Spinninglizzy's Weblog

Falling down the slippery fibre slope

Just Say “No!”

Last year, I brought home my first loom the day before Father’s Day.  Two months ago, during the week of Father’s Day, I had an encounter with an even larger loom.  The timing wasn’t planned, but I really wonder if there’s some cosmic force at work in June that affects me with loom craze.

The largest number of shafts I have on a loom is currently eight.  Leafing through weaving magazines, it’s easy to quickly develop a case shaft envy.  I can’t imagine what it would be like to have to thread so many shafts, but I do love the idea of having a computerised model to avoid treddling mistakes.  Last year, when I first purchased my Bergman loom, I also saw an ad for a lovely AVL production dobby loom (PDL).  Even at that time, when I had absolutely no weaving experience, I thought it was a good deal.  But knowing nothing about weaving, I thought it best to err on the conservative side of caution and spend a few hundred rather than a few thousand dollars on this new hobby (not to mention the fact that the AVL PDL is a loom with a large footprint because of its boxy frame, within which the weaver sits).  Imagine my surprise when the very same loom reappeared earlier this year in April, still for sale.  I had to learn more, and so began a month of friendly dialogue with the seller of a 16-shaft AVL PDL with compu-dobby.  I really agonised over that loom, as it was in lovely condition.  But I was very worried that if I did acquire it, I would not spend as much time with my other looms, my 8-shaft Bergman loom in particular.  That bothered me no end, because I know that even looms having no shafts at all can occupy weavers for a lifetime of beautiful creations.  I suspect that having a computerised loom with so many shafts would change my path as a weaver.  While that definitely can’t be viewed as a negative, I feel I would miss out on some foundational basics.  Plus, I feel as if I have some dues that must be paid, lessons better learned on fewer shafts.  I remember when studying watercolour, that beginners are encouraged to limit the colours in their palettes, in order to learn to mix the available ones more extensively.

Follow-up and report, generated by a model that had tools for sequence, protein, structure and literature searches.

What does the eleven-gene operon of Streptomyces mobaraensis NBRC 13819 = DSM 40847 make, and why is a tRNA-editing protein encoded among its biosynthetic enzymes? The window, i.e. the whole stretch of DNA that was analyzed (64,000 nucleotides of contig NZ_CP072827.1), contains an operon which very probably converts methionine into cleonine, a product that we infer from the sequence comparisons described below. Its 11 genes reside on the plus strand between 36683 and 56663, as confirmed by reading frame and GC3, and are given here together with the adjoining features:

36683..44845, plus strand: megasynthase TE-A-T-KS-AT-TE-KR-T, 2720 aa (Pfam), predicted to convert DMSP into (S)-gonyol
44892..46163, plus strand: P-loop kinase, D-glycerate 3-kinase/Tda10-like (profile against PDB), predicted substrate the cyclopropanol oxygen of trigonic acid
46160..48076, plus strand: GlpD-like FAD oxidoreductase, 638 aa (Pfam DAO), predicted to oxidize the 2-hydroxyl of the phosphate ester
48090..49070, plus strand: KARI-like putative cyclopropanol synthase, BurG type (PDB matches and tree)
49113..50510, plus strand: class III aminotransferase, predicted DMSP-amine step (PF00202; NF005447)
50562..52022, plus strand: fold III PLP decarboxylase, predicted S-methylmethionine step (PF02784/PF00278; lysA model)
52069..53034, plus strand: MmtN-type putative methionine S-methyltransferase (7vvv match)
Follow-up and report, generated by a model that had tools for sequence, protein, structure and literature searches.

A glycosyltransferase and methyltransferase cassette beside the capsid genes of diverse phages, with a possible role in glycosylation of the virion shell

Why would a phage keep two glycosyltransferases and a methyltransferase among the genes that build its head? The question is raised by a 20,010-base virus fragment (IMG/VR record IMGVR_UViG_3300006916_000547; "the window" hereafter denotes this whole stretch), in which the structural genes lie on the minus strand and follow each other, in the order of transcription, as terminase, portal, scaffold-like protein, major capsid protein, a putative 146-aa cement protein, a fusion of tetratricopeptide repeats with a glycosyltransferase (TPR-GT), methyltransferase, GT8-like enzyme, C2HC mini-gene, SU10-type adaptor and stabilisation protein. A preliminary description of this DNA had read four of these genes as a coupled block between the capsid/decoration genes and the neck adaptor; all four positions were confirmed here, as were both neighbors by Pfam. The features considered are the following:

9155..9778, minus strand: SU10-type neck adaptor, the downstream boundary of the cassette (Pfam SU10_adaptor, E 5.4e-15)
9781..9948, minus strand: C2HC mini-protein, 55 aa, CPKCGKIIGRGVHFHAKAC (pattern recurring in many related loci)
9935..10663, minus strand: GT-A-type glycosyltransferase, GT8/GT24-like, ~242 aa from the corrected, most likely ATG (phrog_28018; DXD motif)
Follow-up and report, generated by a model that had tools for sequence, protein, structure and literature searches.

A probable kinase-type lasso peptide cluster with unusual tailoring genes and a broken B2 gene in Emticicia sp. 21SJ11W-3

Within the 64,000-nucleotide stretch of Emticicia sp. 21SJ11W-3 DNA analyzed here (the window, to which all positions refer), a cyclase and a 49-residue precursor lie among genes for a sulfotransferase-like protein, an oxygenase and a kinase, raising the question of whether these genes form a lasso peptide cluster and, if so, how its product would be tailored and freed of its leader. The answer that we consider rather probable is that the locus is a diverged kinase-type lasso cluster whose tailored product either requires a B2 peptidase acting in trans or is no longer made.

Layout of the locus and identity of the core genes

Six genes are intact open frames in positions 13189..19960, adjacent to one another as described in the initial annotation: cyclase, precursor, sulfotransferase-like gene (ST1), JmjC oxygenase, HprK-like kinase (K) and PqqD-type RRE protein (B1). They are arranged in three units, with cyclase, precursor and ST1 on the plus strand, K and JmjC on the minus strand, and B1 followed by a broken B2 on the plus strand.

After a month of e-mails with the seller, and talking with Syne Mitchell (who generously invited me to see her 16-s AVL PDL), I decided that the loom was not for me.

I wanted at least 24 shafts.

I thought I would settle back into my 8-shaft existence for a while, but barely had time to blink before I found a 24-shaft AVL PDL compu-dobby for sale in Canada.  So began another month-long correspondence, with a new seller.  I received pleasing responses to all my questions, and with exchange rates in my favour at that time, I thought the asking price a very advantageous indeed.

All was ready for our trip, but on the day we were scheduled to make the four-hour drive up to Canada, we found a radiator leak in our truck.  This is the same ancient truck that we use perhaps four times a year, only for local trips (usually to the dump), and that DH believes will break down at any moment.  Me, I’m more sanguine about it, and can’t believe such a thing.  The worst thing that ever happened with the truck was years ago, on the Friday before Labor Day weekend (the Labor Day holiday is the first Monday in September, coming upon us again).  We were fully loaded with furniture we were delivering in Oregon, when something like a belt snapped and wrapped itself around an axle (I’m not clear about the particulars), and, well, the truck broke down in the middle of a four-lane highway an hour north of Portland.  We managed to get the truck towed to a small repair shop that afternoon.  The auto repair shop was preparing to close down early that Friday, in preparation for the holiday weekend, in which case we would stranded until they re-opened on Tuesday, but they took pity on us and fixed the truck by that evening so we could continue our trip and return home.  DH recalls it as a near-death experience (he was driving), and has never trusted the truck since, but I see it as a brush with the miraculous .  I felt we had the break-down because we had recently returned from a long-distance trip to Idaho only weeks before, and had not taken it in for inspection afterwards.  But, back to the AVL: we purchased a radiator temporary patch kit and sealed the holes ourselves.  Four hours to set and cure the patch, then another four hours of travel, and we were in the presence of the loom.